Klal Perspectives – The Technology Issue

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5 Responses

  1. Shades of Gray says:

    As always, a thought-provoking issue.

    R. Adlerstein wrote about “countless comments [consisting of people] privately take many liberties, and digitally [sharing] their skepticism with many, many people”. Since the CC blog is “heavily moderated”, doesn’t this take away from this issue?(see “Wiki-Orthodoxy and the Undervaluing of Torah”(2/07) quoting “major figures within the Torah community” regarding comments, ” Gentler, Kinder, Meaner, Leaner Cross-Current”(11/07), and “Comments and Tips” link). I could see this assessment applying elsewhere, but less strongly when you are publishing the same comments upon rabbinic advice 🙂

    [YA – Not sure I understand. CC moderates heavily, so what I wrote applies less to CC than to others. Should I not describe what generally happens on blogs? Besides, even CC allows far more to get by than print media in the frum community – therefore also making its contribution, for better or worse, to the democratization of the Torah community.]

    • Shades of Gray says:

      I didn’t think of the issue on this website in the terms you used in the article(“sharing skepticism”)–just my perception.

  2. dr. bill says:

    Yasher Koach, Rabbi Adlerstein. First, your call for more attention to counter challenges to traditional ikrai ha’emunah, should be actively pursued. Simpler even than ikkarim, there are 20th century findings about the meaning of a few key words used by chazal that have never, to my knowledge, been addressed. While I have my version of how to reconcile certain newly discovered meanings with halakhic practice, I wonder if that approach would be viewed as an acceptable answer or an unacceptable further challenge. Second, I fully agree with your “bottoms-up” observation. I also agree that “bottoms-up” is not an innovation. In fact, those of us convinced by the work of the late Prof. Katz and his many students see the “top-down” approach as an innovation that emerged in the 19th century. I hope your perspective will influence multiple orthodox streams.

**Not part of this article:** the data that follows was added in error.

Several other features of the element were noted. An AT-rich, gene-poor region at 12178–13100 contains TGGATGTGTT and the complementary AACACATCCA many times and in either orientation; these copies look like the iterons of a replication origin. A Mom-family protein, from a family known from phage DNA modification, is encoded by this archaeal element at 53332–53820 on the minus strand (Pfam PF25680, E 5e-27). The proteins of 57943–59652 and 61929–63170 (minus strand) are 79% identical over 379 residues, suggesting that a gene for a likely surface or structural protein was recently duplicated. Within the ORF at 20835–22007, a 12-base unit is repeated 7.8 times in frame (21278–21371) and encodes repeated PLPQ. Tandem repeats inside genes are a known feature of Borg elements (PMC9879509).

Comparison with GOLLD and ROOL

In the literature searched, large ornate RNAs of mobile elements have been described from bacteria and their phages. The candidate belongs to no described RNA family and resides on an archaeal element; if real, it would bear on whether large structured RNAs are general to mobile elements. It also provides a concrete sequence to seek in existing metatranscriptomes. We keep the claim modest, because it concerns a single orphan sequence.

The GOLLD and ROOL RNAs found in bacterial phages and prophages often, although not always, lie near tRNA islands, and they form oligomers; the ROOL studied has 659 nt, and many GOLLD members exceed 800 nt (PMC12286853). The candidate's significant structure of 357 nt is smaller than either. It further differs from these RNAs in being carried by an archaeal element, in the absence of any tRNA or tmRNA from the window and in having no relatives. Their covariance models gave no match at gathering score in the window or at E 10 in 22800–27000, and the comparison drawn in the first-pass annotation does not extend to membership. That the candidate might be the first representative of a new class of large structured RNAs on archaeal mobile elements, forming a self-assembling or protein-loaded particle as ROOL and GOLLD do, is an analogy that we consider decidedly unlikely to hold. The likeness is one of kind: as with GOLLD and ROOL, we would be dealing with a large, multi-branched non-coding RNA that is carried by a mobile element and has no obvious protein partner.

[YA – I’m not sure how to avoid “top-down” in the innumerable references in the gemara that read, “Beis Din X gazru.” Your point about Prof. Katz is well-taken. But keep in mind that within that rich corpus of teshuvos mined by Prof. Katz is huge evidence of a robust sense of rabbinic authority, both on the local level and even on the regional/semi-national. By that last phrase I mean the many places – in different locales, and different centuries – where ideas were brought to the so-designated “gedolei hador” for approval.]

    • dr .bill says:

      Thanks for your response. I agree with your comment about gezairot. But as you pointed out, the community had to be able to withstand the gezairah. In a yartzeit shiur the Rav ztl talked about BD acting on their authority, horaah and Kiddush hachodesh, and BD as a representative of Kenesset Yisroel. IIRC, he used the notion of BD as a representative of Kenesset Yisroel to explain why wrt gezairot, acceptance is a criterion both in initial acceptance and when/how a gezairah can be annulled (broadly accepted or not). I often wondered how aware he was of Prof. Katz’s work. Prof. Katz rarely discussed the Talmudic period for which he lacked a precise contemporaneous record like a teshuvah. He always talked about Rabbis defining/refining halakhic boundaries for “bottoms-up” activity. That is not to deny “top down” as much as to delimit its use; today the lack of limits is creating its own issues.

  3. Steve Brizel says:

    Fascinating discussion of one of the issues of our generation-yet, even if one uses the positive aspects of technology, it should be abundantly clear that simply downloading shiurim and printing Divrei Torah so frequently that your sheimos pile looks like the Amazon is no substitute for textual literacy in the classical Torah sources.

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